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Questions Remain About The Ford Government’s School Repair Funding

The government's numbers don't add up

December 10, 2019

Some of the Ontario education minister’s school repair calculations sound like the government’s own version of “discovery math.”

While the Ford government continued the previous government’s school repair and renewal funding for the 2019-20 year, its 10-year pledge is lower than previous ones and less than what’s needed to address disrepair in Ontario’s school system, critics say.

Facing resistance from parents and educators over plans to raise class sizes and cut education funding, the Ford government frequently cites school capital funding as proof it’s “committed” to education.

Last week, for example, Education Minister Stephen Lecce told the legislature:

The Premier has demonstrated a firm commitment to improving education by putting more money in the system than ever before. He’s committed to that, because we’ve doubled the mental health envelope in this province. We’ve invested more to improve schools—a $550-million renewal to build new schools and improve existing schools.

And, on Nov. 7 the minister said:

It is this government that is investing over $13 billion over the next decade to improve schools

But, the minister also said on Nov. 7:

What I also made clear is that we’re maintaining a $1.4-billion allocation to maintain our schools. After 15 years of dereliction of duty, where we had a multi-billion-dollar backlog that we inherited, we must do more to improve our schools.

The government’s pledges have been uneven.

For example, if the government were to continue spending $1.4 billion per year, as it did in 2019-20, on “funding to support the repair and renewal of school facilities,” it would seemingly come to a ten-year total of $14 billion — not $13 billion.

Krista Wylie, Fix Our Schools Campaign Co-Founder, told PressProgress that also falls short of the previous government’s commitment of $16 billion, over ten years, to renewals, repairs and new builds. “The $13 billion target is a $3 billion cut from what the Liberals promised. And even if you don’t include new school building in that $16 billion amount, it is still less than $1.4 billion per year.”

Wylie said, further, “the representatives of the government we spoke to were not able to give us a good explanation for that. Their finance and accounting folks said they could not say more than $13 billion — because that’s all there was allocated.”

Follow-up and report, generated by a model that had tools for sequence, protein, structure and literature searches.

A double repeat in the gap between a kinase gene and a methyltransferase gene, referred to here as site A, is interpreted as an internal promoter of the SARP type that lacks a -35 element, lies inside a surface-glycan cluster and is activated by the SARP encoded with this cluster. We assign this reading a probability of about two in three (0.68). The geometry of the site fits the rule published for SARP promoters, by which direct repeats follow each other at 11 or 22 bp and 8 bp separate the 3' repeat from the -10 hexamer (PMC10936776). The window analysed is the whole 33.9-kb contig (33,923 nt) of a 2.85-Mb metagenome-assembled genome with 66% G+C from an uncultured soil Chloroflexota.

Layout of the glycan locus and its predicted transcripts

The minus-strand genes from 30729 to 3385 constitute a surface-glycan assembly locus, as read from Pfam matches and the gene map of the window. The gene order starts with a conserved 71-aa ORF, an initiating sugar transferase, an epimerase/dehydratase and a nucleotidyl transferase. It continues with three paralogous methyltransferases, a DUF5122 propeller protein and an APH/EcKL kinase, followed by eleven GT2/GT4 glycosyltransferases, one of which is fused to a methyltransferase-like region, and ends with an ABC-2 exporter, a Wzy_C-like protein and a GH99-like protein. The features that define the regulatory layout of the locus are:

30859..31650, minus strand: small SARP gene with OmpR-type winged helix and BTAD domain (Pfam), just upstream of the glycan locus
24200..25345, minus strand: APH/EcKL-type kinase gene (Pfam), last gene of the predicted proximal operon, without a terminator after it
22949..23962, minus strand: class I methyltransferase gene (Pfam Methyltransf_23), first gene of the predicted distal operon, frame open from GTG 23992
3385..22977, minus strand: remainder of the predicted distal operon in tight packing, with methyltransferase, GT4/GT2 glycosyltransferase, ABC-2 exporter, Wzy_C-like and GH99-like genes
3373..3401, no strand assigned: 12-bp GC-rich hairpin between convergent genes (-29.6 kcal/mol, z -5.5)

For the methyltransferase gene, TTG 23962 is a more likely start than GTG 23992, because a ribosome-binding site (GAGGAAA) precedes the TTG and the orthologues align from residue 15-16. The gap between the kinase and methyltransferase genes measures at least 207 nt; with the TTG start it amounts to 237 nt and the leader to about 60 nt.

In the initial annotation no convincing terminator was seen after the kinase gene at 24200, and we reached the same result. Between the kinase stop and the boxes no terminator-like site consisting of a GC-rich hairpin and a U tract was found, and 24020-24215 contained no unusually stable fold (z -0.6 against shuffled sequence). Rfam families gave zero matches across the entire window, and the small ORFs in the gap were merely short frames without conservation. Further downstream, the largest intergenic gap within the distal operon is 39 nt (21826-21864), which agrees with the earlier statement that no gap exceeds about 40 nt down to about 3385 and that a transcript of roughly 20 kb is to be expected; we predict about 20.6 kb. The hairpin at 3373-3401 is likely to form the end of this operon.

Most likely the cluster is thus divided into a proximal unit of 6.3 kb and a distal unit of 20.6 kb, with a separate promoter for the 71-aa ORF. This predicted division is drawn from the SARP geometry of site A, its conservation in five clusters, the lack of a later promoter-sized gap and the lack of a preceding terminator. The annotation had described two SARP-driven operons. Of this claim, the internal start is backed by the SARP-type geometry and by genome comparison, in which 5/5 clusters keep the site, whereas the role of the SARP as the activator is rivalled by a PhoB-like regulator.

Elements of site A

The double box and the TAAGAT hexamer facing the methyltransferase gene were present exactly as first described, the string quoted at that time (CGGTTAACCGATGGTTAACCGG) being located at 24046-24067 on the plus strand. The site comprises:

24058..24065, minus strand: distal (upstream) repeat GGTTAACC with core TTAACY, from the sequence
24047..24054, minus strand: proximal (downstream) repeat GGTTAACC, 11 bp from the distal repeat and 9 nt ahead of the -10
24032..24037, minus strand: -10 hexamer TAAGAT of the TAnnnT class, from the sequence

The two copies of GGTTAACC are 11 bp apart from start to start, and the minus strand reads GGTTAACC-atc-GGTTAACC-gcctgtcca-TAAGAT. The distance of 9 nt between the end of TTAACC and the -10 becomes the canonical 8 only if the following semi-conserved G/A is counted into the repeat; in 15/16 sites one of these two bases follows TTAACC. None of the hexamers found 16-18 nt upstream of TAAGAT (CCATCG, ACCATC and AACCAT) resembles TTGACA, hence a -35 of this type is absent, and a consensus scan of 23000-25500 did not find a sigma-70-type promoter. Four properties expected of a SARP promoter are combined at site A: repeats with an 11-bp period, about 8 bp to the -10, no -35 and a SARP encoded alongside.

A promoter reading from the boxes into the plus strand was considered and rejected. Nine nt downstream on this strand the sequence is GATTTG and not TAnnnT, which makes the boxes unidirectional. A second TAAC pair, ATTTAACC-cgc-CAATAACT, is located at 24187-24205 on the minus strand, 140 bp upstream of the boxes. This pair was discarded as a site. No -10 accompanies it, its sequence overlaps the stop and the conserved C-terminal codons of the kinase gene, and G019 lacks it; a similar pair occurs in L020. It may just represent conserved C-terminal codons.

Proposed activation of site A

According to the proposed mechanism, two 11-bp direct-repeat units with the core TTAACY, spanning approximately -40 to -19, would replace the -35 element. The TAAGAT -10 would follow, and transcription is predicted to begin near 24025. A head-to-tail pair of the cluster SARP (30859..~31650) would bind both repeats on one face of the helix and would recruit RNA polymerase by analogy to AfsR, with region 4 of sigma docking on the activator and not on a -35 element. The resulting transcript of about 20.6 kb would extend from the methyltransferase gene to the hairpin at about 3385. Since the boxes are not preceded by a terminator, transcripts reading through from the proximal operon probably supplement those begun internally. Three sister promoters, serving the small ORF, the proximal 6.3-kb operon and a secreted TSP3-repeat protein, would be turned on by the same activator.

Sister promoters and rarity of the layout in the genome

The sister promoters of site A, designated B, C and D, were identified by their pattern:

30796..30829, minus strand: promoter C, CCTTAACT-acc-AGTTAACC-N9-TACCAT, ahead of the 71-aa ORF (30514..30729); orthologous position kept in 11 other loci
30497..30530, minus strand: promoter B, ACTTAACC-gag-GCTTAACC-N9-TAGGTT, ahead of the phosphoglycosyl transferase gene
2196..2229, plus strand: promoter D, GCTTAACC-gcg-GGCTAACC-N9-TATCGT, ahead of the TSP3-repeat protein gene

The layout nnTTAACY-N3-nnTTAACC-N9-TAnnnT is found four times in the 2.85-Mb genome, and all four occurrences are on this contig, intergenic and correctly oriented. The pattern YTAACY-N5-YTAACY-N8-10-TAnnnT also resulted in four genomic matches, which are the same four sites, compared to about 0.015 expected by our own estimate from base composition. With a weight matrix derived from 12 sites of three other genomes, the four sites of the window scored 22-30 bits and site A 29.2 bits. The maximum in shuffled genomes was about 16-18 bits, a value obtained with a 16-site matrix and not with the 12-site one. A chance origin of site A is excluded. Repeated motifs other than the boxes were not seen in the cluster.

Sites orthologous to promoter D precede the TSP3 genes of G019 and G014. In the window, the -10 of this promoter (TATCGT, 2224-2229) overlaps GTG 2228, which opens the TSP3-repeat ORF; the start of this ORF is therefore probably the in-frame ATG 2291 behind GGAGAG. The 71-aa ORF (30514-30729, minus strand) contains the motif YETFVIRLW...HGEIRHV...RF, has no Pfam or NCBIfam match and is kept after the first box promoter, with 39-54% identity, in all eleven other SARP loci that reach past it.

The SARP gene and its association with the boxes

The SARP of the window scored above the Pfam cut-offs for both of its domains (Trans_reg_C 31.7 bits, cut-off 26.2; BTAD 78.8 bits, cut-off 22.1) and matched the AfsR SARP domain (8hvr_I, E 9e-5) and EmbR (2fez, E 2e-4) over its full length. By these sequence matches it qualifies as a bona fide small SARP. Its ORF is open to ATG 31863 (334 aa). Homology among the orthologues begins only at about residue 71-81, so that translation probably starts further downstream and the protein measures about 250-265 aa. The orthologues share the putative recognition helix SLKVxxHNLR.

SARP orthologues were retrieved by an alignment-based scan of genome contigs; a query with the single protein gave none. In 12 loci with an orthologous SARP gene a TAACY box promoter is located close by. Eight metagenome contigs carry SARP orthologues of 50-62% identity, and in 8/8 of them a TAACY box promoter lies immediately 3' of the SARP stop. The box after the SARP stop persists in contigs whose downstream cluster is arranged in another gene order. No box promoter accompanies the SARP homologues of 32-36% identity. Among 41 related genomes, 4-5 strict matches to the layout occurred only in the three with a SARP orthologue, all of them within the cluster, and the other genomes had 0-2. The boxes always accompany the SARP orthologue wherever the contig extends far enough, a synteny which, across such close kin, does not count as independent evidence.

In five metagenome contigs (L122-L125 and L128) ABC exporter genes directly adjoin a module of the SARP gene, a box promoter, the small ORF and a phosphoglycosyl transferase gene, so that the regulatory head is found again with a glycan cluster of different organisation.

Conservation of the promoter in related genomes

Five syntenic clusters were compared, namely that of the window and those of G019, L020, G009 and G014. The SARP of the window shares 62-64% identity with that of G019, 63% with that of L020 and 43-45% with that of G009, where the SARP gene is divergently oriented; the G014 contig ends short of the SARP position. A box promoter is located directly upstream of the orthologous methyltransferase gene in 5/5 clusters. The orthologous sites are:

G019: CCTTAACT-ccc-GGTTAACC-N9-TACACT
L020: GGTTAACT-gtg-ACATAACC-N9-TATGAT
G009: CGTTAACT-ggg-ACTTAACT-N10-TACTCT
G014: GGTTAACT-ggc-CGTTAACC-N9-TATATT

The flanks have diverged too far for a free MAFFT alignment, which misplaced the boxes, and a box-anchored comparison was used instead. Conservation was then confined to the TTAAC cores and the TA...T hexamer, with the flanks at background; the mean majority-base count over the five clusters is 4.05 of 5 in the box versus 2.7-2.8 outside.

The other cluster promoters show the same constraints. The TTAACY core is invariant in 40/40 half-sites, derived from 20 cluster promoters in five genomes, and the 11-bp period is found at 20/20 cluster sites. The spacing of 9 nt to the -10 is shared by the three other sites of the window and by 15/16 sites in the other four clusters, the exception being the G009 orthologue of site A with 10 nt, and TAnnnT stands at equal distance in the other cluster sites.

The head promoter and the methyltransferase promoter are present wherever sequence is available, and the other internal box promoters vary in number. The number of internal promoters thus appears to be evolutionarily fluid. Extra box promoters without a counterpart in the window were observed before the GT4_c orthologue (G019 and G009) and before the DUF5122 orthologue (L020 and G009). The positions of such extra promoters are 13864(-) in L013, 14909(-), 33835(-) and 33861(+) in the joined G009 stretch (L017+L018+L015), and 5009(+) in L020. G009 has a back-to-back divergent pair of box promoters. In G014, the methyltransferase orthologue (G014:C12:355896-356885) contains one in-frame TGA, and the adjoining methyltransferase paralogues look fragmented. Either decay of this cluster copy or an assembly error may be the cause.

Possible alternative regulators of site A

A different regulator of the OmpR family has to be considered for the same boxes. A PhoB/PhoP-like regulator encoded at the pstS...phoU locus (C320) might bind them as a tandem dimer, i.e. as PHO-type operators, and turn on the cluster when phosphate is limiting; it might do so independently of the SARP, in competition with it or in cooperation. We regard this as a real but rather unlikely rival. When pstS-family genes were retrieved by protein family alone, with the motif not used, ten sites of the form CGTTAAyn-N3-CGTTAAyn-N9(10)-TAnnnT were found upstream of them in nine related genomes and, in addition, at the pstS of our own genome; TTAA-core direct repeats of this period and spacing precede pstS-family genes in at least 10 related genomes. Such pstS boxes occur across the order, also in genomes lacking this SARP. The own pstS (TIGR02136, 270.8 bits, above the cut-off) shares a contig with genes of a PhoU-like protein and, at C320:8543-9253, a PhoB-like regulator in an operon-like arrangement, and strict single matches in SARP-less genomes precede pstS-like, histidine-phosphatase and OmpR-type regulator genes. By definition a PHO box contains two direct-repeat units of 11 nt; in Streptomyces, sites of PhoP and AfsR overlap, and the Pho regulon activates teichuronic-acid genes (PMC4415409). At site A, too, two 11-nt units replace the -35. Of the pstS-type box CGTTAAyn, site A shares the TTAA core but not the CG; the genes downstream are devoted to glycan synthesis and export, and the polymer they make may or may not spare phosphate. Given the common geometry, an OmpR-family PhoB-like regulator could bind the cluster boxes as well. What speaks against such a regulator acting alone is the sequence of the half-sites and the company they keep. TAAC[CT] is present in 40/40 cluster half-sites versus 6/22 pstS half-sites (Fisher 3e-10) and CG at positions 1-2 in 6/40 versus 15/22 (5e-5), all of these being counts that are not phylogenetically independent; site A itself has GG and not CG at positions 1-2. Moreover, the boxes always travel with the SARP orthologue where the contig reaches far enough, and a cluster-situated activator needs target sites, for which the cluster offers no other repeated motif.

Economist Hugh Mackenzie told PressProgress “It is a cut relative to the previous plan. And that, in turn, falls far short of what would be needed to address the school condition problem.”

The current backlog for school repairs reportedly sits around $16.3 billion. Mackenzie said “ongoing depreciation means that renewal expenditures equal to between 2% and 4% of the value of the buildings will be required annually. And those expenditures will be required, even if the current maintenance backlog were somehow eliminated. ”

On Nov. 6, Lecce told the legislature the government has committed to a “2.5% allocation when it comes to renewal.”

Asked by PressProgress if the government is committed to maintaining its current $1.4 billion annual investment, or the previous government’s $16 billion commitment, or the $16.3 billion estimated repair backlog, the ministry of education did not respond.


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UCP Education Cuts Mean Fewer Teachers, Larger Classes: Alberta School Board

Further cuts are expected next year

December 9, 2019

An Alberta school board superintendent warned parents to expect larger classes, fewer course options, job cuts and fee increases, next year, thanks to the United Conservative Party government’s cuts.

The UCP’s 2019 budget scrapped three public education grants, including the Class Size Funding, Classroom Improvement and School Fee Reduction grants. And, school officials say, those cuts are not offset by the government’s one-time $1.7 million Transition Grant.